Given Diaz’s immense reputation, it’s hard to believe that this is only his third book; following 1996’s story collection, Drown, and 2007’s Pulitzer-winning novel, The Brief Wondrous Life of Oscar Wao, the Dominican-born writer’s latest collection, This Is How You Lose Her is, predictably, another melancholy and funny tour de force.
The new book comprises nine stories, most of which are voiced by Diaz’s usual narrator, Yunior, and feature the writer’s now-distinctive idiom, a sparky and defiant mix of Spanish and English that Diaz consistently, and rightly, refuses to gloss, so that, unlike Drown, which includes a brief glossary, How You Lose Her creates a genuinely bilingual space for its Dominican-American cast. The effect isn’t so much exclusionary as exhilarating – we’re drawn into Yunior’s world at precisely the moment at which we’re shown its difference, but all along it’s hilarious:
‘Dude was figureando hard. Had always been a papi tulo so of course he dove right back into the grip of his old sucias, snuck them down into the basement whether my mother was home or not.’
This is being billed as a book of love-stories, and to the extent that most of the tales do feature love affairs, that’s apt. Since we met him in Drown, the sex-obsessed, morally questionable Yunior has grown older, if not wiser; the stories here are tales of failed, ruined, sabotaged and unlikely love-affairs – the title of the collection, This Is How You Lose Her, isn’t lying. We track Yunior from teenage ineffectuality, stuck in the shadow of his intimidatingly successful big brother, Rafa –
‘Save my seat, she said over her shoulder, and I was like, Don’t worry about it. Before we even swung onto 516 Nilda was in my brother’s lap and he had his hand so far up her skirt it looked like he was performing a surgical procedure.’
– through to his years as a fully-fledged love rat. The opening story, ‘The Sun, the Moon, the Stars’, is an account of Yunior’s unhappy attempts to win back a girl he cheated on: ‘She considers me a typical Dominican man: a sucio, an asshole.’ In the final story, ‘The Cheaters Guide to Love’, his fiancé also catches him red-handed:
‘She could have caught you with one sucia, she could have caught you with two, but as you’re a totally batshit cuero who didn’t ever empty his email trash-can, she caught you with fifty!’
The woman in his life are by turns victims and leaders: girls like Magda, Alma, Paloma and the final fiancé don’t let men like Yunior revel in their exploits; Yunior isn’t worthy of them, and he knows it.
Diaz plays on his own biography (immigrant, writer, academic) which gives the tales a sense of veracity that’s probably entirely fallacious – or, in any case, redundant – but that nonetheless lends the book an air of authenticity that’s intriguing for his European readers. The other main theme in the book is immigration – the Domincan/American dialectic that’s shaped Yunior’s life and those of his family and friends. We see the casual racism of Boston college life, the barrios and exclusive resorts of the DR, the poor migrant neighbourhoods of Yunior/Diaz’s youth in New Jersey. The only story with a different narrator, ‘Otravida, Otravez’, tells of a woman who intercepts letters from her married lover’s wife back in Santa Domingo, while her friend, working in the USA to earn money for her family, hasn’t seen her children in seven years. In ‘The Cheater’s Guide’, Yunior’s friend, Elvis, is sending money home to a woman who claims to have borne his baby, but is in fact (spoiler!) manipulating the successful migrant for his cash. ‘Invierno’ is the only story not to feature a love-affair; this is the story of how Yunior and his brother and mother came to join his father in the United States – it’s a terribly sad family portrait of patriarchy, the language barrier and loneliness, made beautiful by Diaz’s skill:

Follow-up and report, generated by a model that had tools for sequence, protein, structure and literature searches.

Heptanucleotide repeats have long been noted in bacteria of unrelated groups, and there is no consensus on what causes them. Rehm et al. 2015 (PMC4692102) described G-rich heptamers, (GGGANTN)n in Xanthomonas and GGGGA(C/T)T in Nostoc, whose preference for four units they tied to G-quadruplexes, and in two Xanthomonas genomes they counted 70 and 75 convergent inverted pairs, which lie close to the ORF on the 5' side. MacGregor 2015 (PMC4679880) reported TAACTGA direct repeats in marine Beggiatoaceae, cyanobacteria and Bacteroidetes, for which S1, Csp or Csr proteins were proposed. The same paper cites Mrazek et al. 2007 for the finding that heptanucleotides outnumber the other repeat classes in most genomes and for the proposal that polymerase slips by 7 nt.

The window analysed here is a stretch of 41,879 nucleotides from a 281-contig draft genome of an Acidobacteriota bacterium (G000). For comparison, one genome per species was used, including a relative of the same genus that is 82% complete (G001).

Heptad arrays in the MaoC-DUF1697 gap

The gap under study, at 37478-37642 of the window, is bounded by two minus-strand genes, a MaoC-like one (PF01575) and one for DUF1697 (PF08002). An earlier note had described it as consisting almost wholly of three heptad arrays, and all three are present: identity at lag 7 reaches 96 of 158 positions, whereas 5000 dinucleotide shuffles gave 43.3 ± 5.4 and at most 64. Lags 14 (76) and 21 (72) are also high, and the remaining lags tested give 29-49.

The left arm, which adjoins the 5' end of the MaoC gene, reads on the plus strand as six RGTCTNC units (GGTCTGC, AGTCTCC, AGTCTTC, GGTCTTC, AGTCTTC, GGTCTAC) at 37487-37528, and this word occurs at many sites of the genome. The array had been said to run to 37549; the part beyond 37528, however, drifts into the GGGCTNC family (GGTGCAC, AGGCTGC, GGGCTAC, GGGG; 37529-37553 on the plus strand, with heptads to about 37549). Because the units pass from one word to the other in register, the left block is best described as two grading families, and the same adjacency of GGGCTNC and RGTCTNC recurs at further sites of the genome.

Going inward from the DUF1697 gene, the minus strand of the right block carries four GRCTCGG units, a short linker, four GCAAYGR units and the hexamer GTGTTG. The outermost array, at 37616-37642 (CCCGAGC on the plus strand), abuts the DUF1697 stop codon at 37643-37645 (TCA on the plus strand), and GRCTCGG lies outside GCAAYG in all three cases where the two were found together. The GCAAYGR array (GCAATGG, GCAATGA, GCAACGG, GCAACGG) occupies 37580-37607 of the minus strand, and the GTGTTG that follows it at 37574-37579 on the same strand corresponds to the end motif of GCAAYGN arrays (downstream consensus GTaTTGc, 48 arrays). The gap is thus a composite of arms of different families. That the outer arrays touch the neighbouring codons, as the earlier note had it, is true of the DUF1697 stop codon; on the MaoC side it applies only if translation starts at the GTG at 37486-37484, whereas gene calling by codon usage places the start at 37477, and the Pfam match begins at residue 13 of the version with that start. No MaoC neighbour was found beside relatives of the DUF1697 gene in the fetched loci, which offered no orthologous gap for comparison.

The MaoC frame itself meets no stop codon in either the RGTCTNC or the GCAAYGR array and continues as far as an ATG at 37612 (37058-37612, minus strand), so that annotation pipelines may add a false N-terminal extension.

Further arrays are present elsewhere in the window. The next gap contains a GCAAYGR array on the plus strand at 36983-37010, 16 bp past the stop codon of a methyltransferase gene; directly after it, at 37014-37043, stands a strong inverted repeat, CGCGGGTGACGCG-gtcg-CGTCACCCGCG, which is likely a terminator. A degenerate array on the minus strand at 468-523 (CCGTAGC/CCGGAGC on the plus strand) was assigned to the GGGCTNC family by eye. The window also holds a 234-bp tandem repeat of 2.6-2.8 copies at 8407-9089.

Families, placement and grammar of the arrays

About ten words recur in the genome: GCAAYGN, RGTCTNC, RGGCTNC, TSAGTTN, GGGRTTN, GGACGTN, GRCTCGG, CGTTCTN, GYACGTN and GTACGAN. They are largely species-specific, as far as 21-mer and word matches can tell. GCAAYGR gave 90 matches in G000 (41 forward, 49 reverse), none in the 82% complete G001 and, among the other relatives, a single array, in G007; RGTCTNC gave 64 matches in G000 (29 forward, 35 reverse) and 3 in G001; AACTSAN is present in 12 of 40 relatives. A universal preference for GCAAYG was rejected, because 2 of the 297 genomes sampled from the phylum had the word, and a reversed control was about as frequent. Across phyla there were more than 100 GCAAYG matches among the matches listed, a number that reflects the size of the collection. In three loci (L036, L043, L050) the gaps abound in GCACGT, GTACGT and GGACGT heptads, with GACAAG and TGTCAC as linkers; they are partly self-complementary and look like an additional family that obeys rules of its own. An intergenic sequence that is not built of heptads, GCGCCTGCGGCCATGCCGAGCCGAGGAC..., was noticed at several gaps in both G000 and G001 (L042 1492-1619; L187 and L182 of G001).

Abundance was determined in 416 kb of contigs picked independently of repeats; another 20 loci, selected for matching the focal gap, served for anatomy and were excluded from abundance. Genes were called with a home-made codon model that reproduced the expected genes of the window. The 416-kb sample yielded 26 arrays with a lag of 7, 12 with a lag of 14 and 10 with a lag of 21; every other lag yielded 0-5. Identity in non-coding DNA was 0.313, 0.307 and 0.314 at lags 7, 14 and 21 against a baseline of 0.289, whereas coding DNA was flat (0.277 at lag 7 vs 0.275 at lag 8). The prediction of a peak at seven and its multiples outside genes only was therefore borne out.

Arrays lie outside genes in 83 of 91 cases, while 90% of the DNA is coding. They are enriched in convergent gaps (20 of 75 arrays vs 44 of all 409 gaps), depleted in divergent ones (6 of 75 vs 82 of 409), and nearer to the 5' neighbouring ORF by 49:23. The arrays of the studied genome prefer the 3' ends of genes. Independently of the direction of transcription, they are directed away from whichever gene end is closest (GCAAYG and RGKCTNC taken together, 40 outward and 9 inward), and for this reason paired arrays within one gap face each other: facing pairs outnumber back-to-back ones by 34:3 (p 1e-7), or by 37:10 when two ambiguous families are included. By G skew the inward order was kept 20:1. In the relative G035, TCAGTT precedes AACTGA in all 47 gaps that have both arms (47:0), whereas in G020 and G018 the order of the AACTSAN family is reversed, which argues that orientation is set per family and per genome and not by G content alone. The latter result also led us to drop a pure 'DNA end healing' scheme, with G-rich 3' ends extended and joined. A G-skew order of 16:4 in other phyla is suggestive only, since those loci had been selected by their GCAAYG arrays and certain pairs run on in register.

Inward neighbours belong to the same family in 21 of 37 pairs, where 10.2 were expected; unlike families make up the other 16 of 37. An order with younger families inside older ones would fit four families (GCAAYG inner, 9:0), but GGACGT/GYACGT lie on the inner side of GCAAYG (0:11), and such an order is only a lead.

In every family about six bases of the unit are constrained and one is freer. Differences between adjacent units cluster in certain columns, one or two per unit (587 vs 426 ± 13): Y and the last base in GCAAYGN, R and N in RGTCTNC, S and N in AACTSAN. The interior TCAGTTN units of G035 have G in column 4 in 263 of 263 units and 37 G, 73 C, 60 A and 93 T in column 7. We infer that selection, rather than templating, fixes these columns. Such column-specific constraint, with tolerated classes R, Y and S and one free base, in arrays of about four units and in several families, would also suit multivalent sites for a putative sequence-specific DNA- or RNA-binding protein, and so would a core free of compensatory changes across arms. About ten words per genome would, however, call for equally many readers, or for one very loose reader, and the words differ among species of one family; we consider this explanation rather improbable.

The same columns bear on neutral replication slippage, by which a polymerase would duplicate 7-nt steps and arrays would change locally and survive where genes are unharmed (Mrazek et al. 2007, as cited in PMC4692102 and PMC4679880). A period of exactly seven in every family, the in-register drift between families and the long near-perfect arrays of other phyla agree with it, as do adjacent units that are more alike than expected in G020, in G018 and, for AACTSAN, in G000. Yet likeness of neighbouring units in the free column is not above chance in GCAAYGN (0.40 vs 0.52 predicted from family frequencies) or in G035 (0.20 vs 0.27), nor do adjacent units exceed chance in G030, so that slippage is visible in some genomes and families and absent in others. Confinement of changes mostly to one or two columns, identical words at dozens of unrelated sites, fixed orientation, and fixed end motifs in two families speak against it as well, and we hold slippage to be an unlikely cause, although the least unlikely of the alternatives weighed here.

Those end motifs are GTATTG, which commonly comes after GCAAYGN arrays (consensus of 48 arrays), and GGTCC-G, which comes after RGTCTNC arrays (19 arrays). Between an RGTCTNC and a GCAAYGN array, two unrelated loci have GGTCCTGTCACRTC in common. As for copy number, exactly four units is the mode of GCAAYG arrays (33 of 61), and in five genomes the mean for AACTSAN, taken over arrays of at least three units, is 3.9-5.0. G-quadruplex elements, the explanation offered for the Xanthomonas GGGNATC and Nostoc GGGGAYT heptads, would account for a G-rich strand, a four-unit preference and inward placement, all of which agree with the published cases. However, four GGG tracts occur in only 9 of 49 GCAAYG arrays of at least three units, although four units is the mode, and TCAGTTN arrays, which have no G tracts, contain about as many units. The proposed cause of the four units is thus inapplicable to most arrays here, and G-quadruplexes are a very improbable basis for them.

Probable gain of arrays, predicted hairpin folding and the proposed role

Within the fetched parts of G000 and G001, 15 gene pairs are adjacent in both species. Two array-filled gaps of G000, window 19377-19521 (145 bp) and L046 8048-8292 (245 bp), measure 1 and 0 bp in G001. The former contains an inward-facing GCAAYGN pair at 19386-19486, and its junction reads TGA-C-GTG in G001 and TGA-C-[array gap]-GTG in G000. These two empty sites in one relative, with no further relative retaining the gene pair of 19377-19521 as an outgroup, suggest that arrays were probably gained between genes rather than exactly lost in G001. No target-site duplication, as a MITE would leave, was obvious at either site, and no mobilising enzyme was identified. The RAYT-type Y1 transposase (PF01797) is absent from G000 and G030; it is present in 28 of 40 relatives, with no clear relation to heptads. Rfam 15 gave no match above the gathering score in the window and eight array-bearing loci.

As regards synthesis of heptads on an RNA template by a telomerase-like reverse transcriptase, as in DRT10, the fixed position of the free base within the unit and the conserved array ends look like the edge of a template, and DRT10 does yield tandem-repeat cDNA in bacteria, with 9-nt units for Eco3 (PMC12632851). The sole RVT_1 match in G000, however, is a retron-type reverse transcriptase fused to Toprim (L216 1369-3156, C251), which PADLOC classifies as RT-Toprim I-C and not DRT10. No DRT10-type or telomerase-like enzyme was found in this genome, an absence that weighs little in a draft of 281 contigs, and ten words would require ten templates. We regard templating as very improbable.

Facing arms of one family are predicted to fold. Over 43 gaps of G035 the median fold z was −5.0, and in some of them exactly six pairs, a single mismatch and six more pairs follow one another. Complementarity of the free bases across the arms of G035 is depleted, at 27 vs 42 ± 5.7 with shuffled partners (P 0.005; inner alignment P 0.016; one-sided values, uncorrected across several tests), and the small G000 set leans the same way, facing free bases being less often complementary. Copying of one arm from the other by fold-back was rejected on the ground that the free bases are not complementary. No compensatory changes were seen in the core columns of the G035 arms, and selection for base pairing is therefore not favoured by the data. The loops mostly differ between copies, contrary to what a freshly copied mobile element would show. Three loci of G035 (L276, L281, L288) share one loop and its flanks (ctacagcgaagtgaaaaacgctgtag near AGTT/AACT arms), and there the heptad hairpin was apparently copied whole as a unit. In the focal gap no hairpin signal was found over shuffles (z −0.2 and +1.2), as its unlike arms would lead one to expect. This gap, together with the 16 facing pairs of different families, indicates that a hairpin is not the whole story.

‘We went down to the edge of the apartments and looked down over the landfill, a misshapen, shadowy mound that abutted the Raritan. Rubbish fires burned all over it like sores and the dump trucks and bulldozers slept quietly and reverently at its base.’
Any Cop?: Diaz is a serious talent. If you liked his other two books, you’ll love this. It’s tender and joyful and bleak all at the same time, and there’s glimpses of the geeky Diaz that you’ll remember from Oscar Wao. And if you haven’t tried him yet, this is an excellent place to start.